24-25 September 2016: European Heritage Days
On occasion of the European Heritage Days 2016, supported by the Ministry of Culture and Tourism, Venezia Arte, in association with the Council of Europe and the Coordinamento delle Attività Comuni delle Scuole Storiche di Venezia, organised three heritage walks:
In the Footsteps of Hospitality
Saturday 24 September, 2pm:
The Church of San Giacomo dall’Orio, the Church of San Pantalon and the Scuola Grande di San Rocco: a walk to reconstruct the connections between places and the surrounding area, bringing to light traditions and links with the past.
Saturday 24 September, 4pm:
The Scuola dei Dalmati, the Church of Santi Giovanni e Paolo, the Scuola Grande di San Marco: a walk to listen to stories about identity, collective commitment to mutual assistance and providential actions.
Sunday 25 September, 2pm:
The Scuola Grande di San Giovanni Evangelista, the Scuola Grande di Rocco and the Scuola Grande di Santa Maria del Carmelo: a walk following the thread of their extraordinary survival to the present day.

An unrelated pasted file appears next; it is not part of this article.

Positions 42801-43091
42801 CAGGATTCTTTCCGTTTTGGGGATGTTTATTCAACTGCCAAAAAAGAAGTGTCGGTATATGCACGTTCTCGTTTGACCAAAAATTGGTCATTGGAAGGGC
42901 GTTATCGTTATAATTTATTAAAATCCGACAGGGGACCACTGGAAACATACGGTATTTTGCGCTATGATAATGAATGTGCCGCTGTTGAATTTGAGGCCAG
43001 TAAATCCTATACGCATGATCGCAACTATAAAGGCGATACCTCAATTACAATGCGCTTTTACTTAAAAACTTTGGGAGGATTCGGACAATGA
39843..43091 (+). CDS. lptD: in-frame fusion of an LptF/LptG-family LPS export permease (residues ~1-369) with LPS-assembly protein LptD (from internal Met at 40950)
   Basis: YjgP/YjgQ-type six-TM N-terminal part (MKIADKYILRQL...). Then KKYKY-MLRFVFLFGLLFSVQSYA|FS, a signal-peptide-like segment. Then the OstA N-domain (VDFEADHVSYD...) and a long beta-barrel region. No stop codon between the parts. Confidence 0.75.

In the past, the scuole (confraternities) were a means of social cohesion and support for the Venetian state, and were run by the merchant and artisanal classes excluded from institutional political roles. The scuole were characterised by the munificence and decor of their offices, the exterior majesty of the liturgical practices and functions, and the unfailing collective commitment to mutual assistance. Above all, the confraternal associations were a channel for collecting financial resources with the aim of reassigning them, under the form of subsidies, structures and voluntary works, to the weaker members of the population belonging to less affluent social classes, and mitigating the conflicts of a situation constantly undermined by crises of sustenance. Citizens of modest means or impoverished conditions admitted to the brotherhoods of the scuole were assured of protection from an economic and social point of view. Furthermore, for components of lower classes admission to one of the scuole provided an opportunity to establish an identity, becoming part of a group which had all the characteristics of a large family. Today the scuole are active in the cultural and social life of the city, assuming the fundamentally voluntary and altruistic role of custodians and interpreters of an inestimable historic-artistic heritage. Highlighting this aspect of the history of Venice is an example of how the city can be visited and experienced in a more sustainable way.
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